Life at D4D

I've made it through one week. All the holes that were empty during the months leading up to the internship are now filling in. I now know where I'm living for the summer, that I can walk to work, that my co-workers are hilarious and genuinely good people, and what I'll be doing this summer at D4D.

My workday on Monday started with a staff meeting. There I learned that I have three projects for the summer: a rule of law and security paper, an electoral adjudication paper, and a political ideology paper. D4D researches and publishes frequently, so I'm basically getting policy papers in those three areas ready for publication. The papers were translated from Albanian, so I do a good amount of textual editing. True to my inner English major, I dearly love editing papers, so I greatly enjoy having an internship that allows me to edit as much as I want. Also, as the papers were written based on information gathered mostly from 2012, I spend most of my time researching to get the papers as up-to-date as possible. This research has led me across the internet, through countless Kosovo government documents and human rights indicator websites. I've also become very acquainted with Google Translate since the information I'm looking for is often in documents written in Albanian. Fortunately my co-worker, Nimi, has been so kind in double-checking Google Translate when I need him to. Not only are my editing and research skills improving, but my boss says that he may put me as a co-author on the publications if I do a good enough job (talk about incentive). I'm going to work as hard as I can, because I never dreamed that I would have the opportunity to have my name on publications this early in my law school career. 

The office is busy right now because the government decided only a month or so ago to hold parliamentary elections on June 8 instead of in November. The popular perception is that the party in power will increasingly lose votes during the next few months, so they want to hold elections as soon as possible. Despite the corruption, D4D is doing its best to make these elections as informed and fair as possible. One way they're trying to accomplish this is by politicizing membership-based organizations (MBOs). MBOs are composed of people who are formed together based on their membership in a particular group, such as farmers or beekeepers. For the most part, these groups have yet to identify with a political party, so politicians don't feel pressured to work for MBO interests. Essentially, D4D is hoping the MBOs will turn into interest groups. To help the process, D4D is orchestrating an event between MBOs, politicians, and the media. Political parties will have the opportunity to present their platforms to the MBOs, and MBOs will have the opportunity to question the political parties and express their interests. I'm excited to see how it will turn out.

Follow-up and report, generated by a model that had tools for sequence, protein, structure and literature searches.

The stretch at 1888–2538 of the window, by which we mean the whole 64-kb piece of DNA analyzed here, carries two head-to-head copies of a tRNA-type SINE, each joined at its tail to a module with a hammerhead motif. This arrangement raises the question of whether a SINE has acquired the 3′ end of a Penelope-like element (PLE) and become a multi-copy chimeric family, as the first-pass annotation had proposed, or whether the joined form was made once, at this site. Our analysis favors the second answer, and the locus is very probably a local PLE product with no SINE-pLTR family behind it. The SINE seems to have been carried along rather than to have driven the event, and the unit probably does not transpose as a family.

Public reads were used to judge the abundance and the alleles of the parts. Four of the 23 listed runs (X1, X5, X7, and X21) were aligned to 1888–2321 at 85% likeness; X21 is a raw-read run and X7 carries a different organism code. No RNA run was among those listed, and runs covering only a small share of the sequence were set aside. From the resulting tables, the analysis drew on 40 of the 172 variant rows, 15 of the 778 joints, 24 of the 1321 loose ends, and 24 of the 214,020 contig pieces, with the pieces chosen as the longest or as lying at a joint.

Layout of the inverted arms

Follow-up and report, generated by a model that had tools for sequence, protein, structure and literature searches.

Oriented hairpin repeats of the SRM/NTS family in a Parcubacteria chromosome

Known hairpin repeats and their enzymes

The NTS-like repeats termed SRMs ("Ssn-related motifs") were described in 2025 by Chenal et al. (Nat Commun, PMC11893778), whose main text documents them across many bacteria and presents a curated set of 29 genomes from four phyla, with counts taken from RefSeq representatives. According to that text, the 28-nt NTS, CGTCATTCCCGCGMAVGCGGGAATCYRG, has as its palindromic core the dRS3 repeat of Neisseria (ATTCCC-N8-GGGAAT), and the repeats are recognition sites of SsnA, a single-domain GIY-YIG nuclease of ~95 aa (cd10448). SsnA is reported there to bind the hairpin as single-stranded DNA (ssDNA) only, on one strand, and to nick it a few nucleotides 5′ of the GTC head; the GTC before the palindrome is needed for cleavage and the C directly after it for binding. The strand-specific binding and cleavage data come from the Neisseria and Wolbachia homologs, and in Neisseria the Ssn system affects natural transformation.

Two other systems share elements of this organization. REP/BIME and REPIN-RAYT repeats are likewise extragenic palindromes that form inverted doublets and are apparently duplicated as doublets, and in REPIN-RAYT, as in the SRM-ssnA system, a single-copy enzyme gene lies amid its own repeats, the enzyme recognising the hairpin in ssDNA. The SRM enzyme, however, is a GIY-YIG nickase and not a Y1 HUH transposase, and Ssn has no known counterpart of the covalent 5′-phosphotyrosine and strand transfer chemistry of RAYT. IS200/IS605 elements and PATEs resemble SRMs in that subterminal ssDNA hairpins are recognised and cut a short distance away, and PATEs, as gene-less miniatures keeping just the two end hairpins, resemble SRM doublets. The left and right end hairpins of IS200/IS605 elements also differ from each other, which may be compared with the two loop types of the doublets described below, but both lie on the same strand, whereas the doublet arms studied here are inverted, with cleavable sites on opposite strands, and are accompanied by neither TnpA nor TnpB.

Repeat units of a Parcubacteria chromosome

I wasn't sure what to expect working for a think-tank, but I'm happy that I'll get to be involved in Kosovo's political development apart from just researching and editing. For instance, I'll get to help D4D observe the parliamentary elections in one of Kosovo's seven major cities. I also have opportunities to attend round tables and events all over Kosovo. I almost went to Mitrovica, a city in northern Kosovo where tensions between its Kosovar Albanian and Serb inhabitants still run high, the other day for a conference with government leaders and investors. Unfortunately, I didn't end up going because a high profile war crimes case started in Mitrovica the same day as the conference, so the security situation wasn't ideal. But it looks like I'll have many other opportunities to travel in Kosovo and attend events that will help me learn more about its political development. 

Pristina has turned out to be a mecca of international development networking. So far I've met two European Union Rule of Law Mission in Kosovo (EULEX) judges, a EULEX analyst, a local who runs a transitional justice NGO in Kosovo, two Fulbright scholars interested in international development issues, a man who has been working with KFOR (the NATO force in Kosovo) for the past seven years, a woman with USAID, and others. Kosovo is so small that everyone kind of knows everyone in this particular international development community. Another great thing about Kosovo being so small is that it's only a quick hour-drive to Skopje, Macedonia, which means that your boss might invite you to take a quick trip across the border with him and his wife (I love my job). 

This week was certainly full, and I can't wait to see what this coming week brings.